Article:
In today’s video, we’ll show you the data and the expert predictions. We are going to give you the indicators of the coming housing crisis, track the timeline of government response, and break down what this all means for homeowners and the economy at large.
CEO of Wolf Street Corp. and Fed policy expert Wolf Richter called attention to a disturbing trend in which housing markets even in typically active areas, like San Francisco, are essentially grinding to a halt.
According to data from real estate listing firm Redfin, there was a steep annual decline of 22.7% in home sales last month. Simultaneously, new listings plunged 41% from last year’s numbers in April. Housing inventory declined by 21%.
Weiss Analytics notes that “30% of homes priced at $200,000 or less have been listed at a median discount of 6.3% compared to February. On the other hand, 37% of homes with a value of $600,000 or more have been listed at a median discount of 7.7%.”
Aside from a floundering buyers’ climate, the mortgage market is also being hit hard.
A new report from Oxford Economics estimates that 15% of homeowners will fall behind on their monthly mortgage payments as a result of the pandemic, which would cause delinquencies to surpass the number seen during the Great Recession.
According to Oxford Economics, “The uncertainty in the mortgage market has contributed to a significant tightening of lending standards that may persist even once a recovery is underway.”
Since the residential mortgage market is worth over $11 trillion, this slow bounce back will leave homeowners feeling the effects of the crash for years.
While some argue that low mortgage rates could actually attract buyers, stricter lending criteria will produce the opposite effect in a climate where consumer spending is hitting record lows.
Government response, needed to counteract the effects of the looming housing crash before it’s too late, has been slow.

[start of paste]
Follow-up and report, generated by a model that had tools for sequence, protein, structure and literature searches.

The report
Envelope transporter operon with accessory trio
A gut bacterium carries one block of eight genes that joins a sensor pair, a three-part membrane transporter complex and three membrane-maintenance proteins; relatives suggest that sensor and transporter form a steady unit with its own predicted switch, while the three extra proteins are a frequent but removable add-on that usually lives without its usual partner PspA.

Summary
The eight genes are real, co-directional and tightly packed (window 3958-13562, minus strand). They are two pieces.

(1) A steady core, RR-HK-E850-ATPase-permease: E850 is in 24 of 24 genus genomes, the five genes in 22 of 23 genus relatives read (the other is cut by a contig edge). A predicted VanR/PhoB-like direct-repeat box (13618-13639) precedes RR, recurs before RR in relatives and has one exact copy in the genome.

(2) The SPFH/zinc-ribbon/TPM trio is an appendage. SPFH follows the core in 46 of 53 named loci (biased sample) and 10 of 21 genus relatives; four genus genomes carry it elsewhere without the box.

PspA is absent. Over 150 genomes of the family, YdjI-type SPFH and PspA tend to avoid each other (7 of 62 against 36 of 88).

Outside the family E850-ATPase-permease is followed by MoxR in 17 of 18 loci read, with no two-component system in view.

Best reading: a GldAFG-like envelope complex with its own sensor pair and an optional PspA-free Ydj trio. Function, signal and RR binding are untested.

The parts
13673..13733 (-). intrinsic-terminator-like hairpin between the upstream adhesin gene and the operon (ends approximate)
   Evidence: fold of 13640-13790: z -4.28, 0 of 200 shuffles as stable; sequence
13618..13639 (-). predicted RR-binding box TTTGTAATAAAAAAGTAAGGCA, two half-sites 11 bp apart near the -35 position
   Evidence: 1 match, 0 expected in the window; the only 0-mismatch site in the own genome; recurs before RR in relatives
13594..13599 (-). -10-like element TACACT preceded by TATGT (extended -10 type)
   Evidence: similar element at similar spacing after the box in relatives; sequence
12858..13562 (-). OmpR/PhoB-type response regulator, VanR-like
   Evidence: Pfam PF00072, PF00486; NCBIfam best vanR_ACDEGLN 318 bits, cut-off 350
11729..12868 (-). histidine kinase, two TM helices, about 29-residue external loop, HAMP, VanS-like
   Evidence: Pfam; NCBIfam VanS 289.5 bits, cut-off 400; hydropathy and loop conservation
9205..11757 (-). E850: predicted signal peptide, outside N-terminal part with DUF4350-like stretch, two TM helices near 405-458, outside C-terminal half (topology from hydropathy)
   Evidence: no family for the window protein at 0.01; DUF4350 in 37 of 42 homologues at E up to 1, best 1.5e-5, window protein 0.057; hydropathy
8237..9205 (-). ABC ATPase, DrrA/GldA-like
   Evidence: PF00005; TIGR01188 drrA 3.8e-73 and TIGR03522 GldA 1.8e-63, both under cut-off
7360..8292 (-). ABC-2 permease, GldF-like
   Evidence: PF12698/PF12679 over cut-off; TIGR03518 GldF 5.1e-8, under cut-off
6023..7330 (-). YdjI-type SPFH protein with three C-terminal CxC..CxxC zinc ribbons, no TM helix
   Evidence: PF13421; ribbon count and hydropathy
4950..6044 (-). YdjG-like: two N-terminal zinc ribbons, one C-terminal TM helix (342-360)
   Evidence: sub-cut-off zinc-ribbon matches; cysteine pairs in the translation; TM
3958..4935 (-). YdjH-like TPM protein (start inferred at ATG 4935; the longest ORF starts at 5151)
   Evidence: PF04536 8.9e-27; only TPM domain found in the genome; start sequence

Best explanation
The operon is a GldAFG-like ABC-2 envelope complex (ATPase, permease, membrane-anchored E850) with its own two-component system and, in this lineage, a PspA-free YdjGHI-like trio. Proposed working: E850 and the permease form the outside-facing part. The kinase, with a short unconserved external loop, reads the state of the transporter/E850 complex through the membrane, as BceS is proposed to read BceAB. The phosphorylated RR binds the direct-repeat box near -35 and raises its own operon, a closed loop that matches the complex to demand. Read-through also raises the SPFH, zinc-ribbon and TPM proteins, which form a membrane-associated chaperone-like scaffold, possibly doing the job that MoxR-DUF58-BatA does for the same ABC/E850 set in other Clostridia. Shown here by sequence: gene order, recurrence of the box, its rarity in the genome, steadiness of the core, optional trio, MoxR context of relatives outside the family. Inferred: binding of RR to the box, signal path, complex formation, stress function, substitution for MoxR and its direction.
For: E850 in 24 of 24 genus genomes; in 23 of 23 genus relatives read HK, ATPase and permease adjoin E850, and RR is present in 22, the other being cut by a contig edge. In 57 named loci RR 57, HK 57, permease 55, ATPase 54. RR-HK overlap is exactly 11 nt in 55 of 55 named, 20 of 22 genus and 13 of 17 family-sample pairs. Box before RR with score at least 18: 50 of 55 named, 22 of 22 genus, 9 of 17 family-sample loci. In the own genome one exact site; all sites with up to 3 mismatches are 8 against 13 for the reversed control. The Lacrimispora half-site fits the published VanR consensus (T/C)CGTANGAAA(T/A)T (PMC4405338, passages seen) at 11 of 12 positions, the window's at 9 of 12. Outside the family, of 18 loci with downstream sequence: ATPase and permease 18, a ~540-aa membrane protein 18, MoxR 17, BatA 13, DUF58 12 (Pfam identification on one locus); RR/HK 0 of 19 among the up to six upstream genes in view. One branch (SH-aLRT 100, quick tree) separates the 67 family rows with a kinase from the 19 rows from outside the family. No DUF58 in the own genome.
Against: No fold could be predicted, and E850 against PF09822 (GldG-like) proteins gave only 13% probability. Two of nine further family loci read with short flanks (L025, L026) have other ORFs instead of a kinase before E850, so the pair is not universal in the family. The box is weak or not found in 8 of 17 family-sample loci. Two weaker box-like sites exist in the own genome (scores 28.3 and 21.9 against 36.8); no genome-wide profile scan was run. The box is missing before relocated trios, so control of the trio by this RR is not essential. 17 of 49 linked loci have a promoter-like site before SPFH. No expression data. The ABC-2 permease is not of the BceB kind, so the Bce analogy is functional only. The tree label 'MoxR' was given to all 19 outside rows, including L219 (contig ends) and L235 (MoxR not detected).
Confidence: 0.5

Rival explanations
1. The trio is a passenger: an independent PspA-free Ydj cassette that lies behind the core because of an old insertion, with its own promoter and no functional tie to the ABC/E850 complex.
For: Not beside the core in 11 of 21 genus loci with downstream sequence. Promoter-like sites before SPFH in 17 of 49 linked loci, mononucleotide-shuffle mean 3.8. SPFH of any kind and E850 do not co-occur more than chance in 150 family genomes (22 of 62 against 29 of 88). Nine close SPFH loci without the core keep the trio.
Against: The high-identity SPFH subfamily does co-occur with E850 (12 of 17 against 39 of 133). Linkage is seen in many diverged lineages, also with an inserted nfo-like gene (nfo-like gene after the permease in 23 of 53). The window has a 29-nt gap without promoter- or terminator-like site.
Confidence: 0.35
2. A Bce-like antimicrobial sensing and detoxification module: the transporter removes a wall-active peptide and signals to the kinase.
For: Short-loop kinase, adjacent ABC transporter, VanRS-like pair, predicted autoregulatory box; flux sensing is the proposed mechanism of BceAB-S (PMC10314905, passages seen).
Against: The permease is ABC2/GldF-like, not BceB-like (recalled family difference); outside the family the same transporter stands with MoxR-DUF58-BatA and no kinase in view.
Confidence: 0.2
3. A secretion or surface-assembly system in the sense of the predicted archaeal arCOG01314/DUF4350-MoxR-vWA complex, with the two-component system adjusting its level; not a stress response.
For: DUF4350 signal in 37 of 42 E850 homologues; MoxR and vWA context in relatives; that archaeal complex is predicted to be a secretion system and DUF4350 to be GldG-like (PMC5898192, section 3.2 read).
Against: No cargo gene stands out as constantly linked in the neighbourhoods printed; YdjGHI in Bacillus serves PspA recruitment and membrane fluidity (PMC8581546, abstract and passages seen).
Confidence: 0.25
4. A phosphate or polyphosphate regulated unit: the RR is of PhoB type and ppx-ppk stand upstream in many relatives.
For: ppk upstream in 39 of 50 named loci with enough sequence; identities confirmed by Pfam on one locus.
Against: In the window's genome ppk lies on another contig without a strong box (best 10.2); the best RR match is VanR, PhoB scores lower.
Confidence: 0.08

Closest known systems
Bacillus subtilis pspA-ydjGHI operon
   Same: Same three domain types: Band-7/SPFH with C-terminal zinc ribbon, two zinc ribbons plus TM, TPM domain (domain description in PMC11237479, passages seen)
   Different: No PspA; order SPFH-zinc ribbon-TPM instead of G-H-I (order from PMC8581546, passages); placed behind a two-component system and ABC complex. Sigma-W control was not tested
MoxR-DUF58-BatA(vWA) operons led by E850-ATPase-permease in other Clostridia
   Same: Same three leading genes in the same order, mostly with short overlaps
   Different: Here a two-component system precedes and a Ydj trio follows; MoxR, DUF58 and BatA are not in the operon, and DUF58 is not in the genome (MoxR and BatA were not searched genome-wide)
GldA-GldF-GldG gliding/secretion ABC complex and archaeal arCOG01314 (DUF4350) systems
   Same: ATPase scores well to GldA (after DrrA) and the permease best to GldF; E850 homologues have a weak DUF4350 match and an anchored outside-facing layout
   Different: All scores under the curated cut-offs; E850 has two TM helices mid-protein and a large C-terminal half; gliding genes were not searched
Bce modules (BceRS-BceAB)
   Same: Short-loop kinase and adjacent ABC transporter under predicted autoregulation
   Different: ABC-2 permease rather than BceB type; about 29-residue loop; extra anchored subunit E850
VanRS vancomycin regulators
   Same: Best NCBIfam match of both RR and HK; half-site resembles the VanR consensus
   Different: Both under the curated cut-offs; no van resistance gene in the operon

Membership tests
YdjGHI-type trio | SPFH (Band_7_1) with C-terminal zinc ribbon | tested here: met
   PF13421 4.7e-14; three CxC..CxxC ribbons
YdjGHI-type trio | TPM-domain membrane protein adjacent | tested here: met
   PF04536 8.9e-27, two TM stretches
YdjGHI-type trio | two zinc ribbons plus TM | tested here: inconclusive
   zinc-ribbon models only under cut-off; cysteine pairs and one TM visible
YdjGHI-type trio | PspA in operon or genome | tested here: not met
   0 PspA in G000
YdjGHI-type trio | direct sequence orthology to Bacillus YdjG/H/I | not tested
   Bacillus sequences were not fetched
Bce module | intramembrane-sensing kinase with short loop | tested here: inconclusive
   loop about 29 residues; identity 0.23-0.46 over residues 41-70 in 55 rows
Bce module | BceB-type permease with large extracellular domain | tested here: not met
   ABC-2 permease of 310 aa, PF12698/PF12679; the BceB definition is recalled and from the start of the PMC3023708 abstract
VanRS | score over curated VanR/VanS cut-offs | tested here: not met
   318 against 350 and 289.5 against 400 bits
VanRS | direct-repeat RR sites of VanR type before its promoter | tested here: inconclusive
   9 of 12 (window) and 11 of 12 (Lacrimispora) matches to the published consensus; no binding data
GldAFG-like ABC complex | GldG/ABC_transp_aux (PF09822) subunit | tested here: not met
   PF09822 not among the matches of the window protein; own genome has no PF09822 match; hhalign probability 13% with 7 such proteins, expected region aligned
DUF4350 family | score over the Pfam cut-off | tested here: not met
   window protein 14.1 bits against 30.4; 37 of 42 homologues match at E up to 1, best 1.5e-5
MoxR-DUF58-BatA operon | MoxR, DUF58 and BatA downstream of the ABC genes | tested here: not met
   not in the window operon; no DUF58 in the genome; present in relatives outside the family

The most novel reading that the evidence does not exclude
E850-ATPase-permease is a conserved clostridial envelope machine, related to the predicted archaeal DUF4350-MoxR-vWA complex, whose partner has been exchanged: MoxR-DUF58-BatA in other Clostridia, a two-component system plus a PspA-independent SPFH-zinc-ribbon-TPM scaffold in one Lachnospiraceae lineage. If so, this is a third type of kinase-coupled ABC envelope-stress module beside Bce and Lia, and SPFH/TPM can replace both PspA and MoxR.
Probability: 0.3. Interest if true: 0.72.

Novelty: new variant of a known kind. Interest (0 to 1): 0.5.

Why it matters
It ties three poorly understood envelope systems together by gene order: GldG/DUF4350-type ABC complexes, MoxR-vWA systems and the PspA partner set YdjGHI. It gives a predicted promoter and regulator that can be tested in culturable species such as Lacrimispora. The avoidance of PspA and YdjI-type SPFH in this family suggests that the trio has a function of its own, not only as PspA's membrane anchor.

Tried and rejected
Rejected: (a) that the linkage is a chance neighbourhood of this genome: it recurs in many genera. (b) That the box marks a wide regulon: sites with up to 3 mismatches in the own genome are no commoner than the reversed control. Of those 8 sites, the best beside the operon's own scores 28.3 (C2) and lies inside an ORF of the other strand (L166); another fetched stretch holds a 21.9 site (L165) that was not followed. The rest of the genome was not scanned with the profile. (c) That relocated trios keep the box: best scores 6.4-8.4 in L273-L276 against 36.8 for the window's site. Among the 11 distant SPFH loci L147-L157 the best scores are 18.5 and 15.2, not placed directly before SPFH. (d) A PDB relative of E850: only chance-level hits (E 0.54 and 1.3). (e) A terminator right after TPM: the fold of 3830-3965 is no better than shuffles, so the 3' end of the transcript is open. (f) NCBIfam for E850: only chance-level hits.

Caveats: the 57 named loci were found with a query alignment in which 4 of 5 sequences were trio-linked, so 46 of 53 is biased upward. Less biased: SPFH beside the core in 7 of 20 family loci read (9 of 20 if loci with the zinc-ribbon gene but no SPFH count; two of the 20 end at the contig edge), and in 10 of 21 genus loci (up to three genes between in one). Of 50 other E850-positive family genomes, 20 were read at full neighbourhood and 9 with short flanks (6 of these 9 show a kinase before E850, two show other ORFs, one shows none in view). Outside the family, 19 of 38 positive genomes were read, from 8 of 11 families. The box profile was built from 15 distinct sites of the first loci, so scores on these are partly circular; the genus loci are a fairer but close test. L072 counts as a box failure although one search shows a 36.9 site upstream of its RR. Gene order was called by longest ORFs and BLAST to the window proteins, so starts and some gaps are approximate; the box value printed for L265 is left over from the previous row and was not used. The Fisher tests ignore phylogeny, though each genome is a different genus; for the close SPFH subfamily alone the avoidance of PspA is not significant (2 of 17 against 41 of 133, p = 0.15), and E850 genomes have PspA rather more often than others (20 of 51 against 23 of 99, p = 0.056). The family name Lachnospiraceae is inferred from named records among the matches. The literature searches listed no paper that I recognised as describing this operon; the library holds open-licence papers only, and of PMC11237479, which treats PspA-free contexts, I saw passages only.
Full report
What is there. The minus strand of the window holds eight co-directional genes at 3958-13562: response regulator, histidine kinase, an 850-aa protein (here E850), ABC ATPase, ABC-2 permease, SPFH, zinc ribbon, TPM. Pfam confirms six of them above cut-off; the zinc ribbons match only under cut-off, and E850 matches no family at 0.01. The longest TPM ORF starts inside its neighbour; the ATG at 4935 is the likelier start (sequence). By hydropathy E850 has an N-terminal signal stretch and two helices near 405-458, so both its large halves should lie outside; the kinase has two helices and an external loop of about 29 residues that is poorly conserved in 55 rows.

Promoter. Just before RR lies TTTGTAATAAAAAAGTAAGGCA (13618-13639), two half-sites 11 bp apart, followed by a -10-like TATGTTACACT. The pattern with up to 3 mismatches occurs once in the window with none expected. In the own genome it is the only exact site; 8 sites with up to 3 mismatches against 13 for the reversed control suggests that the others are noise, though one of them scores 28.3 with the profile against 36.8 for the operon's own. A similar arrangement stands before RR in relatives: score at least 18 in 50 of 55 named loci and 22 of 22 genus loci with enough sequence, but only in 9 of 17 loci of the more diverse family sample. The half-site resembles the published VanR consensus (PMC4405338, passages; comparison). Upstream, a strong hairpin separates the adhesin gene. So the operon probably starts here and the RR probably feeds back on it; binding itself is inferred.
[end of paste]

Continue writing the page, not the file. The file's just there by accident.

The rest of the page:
The crash will devastate not only borrowers, but lenders as well.
Local mortgage banks swept in in the aftermath of the 2008 stock market crash to fill the vacuum left by the decline of mortgage lending by larger banks. Now, they are the ones responsible for over half of all single-family home mortgages in the US.
The loan servicers are liable for advancing the monthly sum of mortgage payments before collecting these from the borrower. As forbearance rates shoot up, this causes an extra squeeze on such companies.
Despite the skyrocketing unemployment rates, the Fed has not offered any direct help in the form of purchasing bonds issued by cash-strapped mortgage providers and servicers, a move they notably made in the 2008 housing crisis but have thus far not elected to repeat. These bonds are backed by loans made to mortgage borrowers who have missed their payments
Purchasing such bonds would help to ease the burden on loan service companies.
As local mortgage banks flounder, the bigger banks infamous for unfairly foreclosing mortgages in the aftermath of the last housing bubble would then step in to take over their assets. In this way, mortgage failures would continue to spiral, harming lenders and borrowers alike.
“So there you have it,” Wolf Richter wrote. “A most splendid housing bubble and an equally splendid vacation-rental boom that were both caught at the peak in their most vulnerable state by The Virus that upended everything.”
Amidst all the uncertainty and inaction, one thing is clear: the housing crisis is not an if, but a when. Unlike the slower burning crisis in 2008, this pandemic is pushing things along at an alarming pace. In the impending economic collapse, thousands of families will be brought to the brink of losing their homes, as the real estate market flounders and too-little, too-late policies fail to stabilize the pandemic-induced recession. Homeowners that still remember the fallout of the 2008 housing bubble will, just over a decade later, feel the effects of government failure all too close to home once again.
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